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The Films of Sam Peckinpah

The Deadly Companions

Ride the High Country

Major Dundee

The Wild Bunch

The Ballad of Cable Hogue

Straw Dogs (May 27/05)

It's interesting to note that Straw Dogs received a heaping dose of controversy when it was released back in the early '70s, thanks to its heavy emphasis on violence and revenge. Now, in this post-Schwarzenegger and Stallone era, the film can't help but come off as tame and antiquated (particularly when compared to such mindlessly bloody films as Commando and Predator). Dustin Hoffman stars as David Sumner, an American mathematician who moves to a small British village with his wife (Susan George) - where he quickly comes under attack from the locals, who have apparently never seen a woman before. While there's no denying that Straw Dogs is an effective and engrossing film - particularly in its last half hour - there are plenty of problems that prevent it from becoming an all-out classic. The one-dimensional portrayal of all the villagers is certainly right up there, as is the bizarre unwillingness of David's wife to fight back during a pivotal rape sequence. Likewise, director Sam Peckinpah employs a laid-back pace that's awfully drawn out (the film is at least a half hour overlong) and his use of some seriously dated editing techniques is questionable - though there's no denying that the filmmaker does an amazing job with the action-packed and suspenseful third act (it's clear he's inspired several contemporary directors, including Sam Raimi). It's because that portion of the movie is so powerful that we're willing to overlook the various faults, and it certainly doesn't hurt that Hoffman delivers a stunning, unforgettable performance.

out of

Junior Bonner (July 7/09)

Steve McQueen's first collaboration with Sam Peckinpah, Junior Bonner casts the actor as the title character - an aging rodeo pro who rolls into his home town of Prescott, Arizona for its Fourth of July festivities and is subsequently confronted with a whole host of familiar faces (including his down-on-his-luck father and his black-sheep brother). Peckinpah has infused the proceedings with an exceedingly deliberate sensibility that proves an appropriate match for Jeb Rosebrook's laid-back screenplay, and there's little doubt that the ensuing atmosphere of authenticity plays a significant role in the film's admittedly mild success (with the fully fleshed-out nature of even the most minor of supporting characters ultimately reflecting Rosebrook's impressive attention to detail). And although McQueen offers up as compelling and magnetic a performance as one might've expected, Junior Bonner nevertheless remains curiously uninvolving for the majority of its running time - as the leisurely pace effectively prevents the viewer from wholeheartedly connecting with the material. This is despite the uniformly stellar performances and the inclusion of a few genuinely poignant sequences, with the scene in which Junior sits down for an honest chat with his pop (Robert Preston's Ace Bonner) certainly the most apt example of the latter. The end result is an affable piece of work that never quite becomes the stirring drama that one imagines Peckinpah was shooting for, although the movie is undoubtedly a must for fans of McQueen - as the actor effortlessly steps into the shoes of a much more low-key character than he's come to be associated with.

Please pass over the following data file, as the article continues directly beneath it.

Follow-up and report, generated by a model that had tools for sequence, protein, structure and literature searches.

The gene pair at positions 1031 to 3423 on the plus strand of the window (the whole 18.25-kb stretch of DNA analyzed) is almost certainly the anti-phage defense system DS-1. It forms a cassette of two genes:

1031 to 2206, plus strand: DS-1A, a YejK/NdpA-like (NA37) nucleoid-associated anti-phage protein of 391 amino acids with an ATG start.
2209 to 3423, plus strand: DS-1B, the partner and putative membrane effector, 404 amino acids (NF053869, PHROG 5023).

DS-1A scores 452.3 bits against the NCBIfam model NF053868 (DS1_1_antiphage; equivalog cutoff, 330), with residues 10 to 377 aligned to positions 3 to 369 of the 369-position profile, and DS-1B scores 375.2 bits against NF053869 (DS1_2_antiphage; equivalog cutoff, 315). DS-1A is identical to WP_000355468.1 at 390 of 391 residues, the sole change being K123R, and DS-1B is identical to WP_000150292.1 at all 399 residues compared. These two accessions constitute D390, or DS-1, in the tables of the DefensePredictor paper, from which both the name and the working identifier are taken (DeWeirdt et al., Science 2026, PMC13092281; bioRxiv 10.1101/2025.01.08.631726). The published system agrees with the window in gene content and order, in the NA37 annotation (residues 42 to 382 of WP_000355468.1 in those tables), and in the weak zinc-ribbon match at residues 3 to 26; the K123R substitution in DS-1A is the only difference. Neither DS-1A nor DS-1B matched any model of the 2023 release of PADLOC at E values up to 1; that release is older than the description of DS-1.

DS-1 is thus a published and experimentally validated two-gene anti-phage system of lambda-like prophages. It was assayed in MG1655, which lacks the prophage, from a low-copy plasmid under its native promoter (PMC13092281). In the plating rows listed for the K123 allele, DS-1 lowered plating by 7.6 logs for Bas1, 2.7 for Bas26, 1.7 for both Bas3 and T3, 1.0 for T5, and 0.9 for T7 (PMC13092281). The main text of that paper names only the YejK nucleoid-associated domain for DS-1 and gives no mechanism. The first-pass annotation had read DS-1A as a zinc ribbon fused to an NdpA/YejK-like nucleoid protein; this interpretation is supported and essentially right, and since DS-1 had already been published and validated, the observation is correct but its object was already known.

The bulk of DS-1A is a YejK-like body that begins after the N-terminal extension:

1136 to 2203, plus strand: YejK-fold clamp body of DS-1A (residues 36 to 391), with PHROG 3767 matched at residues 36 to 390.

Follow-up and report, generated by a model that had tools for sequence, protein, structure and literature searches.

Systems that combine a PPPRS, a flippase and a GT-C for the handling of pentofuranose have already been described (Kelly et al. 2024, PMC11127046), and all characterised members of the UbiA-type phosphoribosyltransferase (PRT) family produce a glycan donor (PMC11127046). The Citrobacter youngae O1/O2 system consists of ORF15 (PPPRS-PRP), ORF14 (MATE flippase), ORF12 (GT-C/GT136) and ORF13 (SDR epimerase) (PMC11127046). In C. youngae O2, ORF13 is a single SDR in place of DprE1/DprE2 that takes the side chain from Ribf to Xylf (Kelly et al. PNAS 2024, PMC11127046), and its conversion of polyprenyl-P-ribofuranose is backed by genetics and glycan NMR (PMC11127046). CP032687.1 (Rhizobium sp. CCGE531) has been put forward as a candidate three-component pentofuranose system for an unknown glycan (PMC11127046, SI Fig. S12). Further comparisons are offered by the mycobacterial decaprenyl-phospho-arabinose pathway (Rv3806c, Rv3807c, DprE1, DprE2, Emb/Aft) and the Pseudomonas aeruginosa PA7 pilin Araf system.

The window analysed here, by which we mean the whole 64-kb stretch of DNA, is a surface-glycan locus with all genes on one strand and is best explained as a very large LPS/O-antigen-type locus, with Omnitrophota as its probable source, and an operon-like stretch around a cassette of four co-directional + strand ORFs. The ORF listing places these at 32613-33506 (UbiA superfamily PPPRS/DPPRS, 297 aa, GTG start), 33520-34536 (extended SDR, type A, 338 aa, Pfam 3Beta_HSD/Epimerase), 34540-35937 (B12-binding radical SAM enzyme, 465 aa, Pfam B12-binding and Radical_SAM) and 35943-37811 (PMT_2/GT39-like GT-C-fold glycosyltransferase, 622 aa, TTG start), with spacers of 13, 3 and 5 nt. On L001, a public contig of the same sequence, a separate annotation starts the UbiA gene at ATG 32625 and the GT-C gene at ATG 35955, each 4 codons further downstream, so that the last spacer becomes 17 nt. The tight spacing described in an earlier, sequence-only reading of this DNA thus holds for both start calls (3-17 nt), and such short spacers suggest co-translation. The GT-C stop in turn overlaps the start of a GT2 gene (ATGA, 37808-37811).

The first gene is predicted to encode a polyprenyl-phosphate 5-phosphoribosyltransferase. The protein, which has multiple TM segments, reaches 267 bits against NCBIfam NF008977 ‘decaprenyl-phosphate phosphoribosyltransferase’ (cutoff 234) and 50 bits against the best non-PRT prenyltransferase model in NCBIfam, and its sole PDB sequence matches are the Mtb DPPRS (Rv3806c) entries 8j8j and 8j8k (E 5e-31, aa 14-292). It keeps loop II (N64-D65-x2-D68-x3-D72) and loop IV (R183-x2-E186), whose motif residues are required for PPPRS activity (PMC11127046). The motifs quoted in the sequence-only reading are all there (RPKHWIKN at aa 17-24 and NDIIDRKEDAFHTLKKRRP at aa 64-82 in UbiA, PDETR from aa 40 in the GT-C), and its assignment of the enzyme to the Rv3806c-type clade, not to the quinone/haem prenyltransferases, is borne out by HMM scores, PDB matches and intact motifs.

out of

The Getaway (June 21/09)

Though its myriad of less-than-enthralling elements are compounded by a seriously overlong running time, The Getaway ultimately comes off as an above-average thriller that's elevated by the inclusion of several electrifying sequences and an expectedly charismatic turn from Steve McQueen. The storyline follows recently-paroled convict Doc McCoy (McQueen) as he and his girlfriend (Ali MacGraw's Carol) are forced to go on the run after a bank heist goes awry, with the bulk of the proceedings detailing the couple's efforts at reaching a safe house near the border while avoiding the murderous advances of a vicious cohort (Al Lettieri's Rudy Butler). There's little doubt that The Getaway takes an awfully long time to grow on the viewer, as the movie suffers from an almost egregiously slow opening half hour that's exacerbated by Peckinpah's reliance on eye-rollingly ostentatious editing tricks (with Quincy Jones' grating score certainly not helping matters). The robbery that kicks the story into motion inevitably proves to be the film's turning point, although - admittedly - the episodic midsection does ensure that some segments are far more enthralling than others (ie Doc must scour a train station after a petty thief makes away with his loot). Peckinpah's penchant for visceral instances of violence is never more evident than in the movie's action-packed final showdown, in which Doc is essentially forced to take on a small army's worth of mob soldiers within a dilapidated hotel. It's a fantastic sequence that inevitably cements The Getaway's place as a crackling thriller trapped within the confines of a bloated disappointment, which is a shame, certainly, given the strength of both McQueen and MacGraw's work here (ie the revelation that the two actors fell in love on the set is hardly surprising, as the chemistry between their respective characters is palpable).

out of

Pat Garrett & Billy the Kid

Bring Me the Head of Alfredo Garcia

The Killer Elite

Cross of Iron


The Osterman Weekend

About the Blu-ray: Straw Dogs arrives on Blu-ray armed with an impressive 1080p transfer, with bonus features limited to TV spots and a trailer.
© David Nusair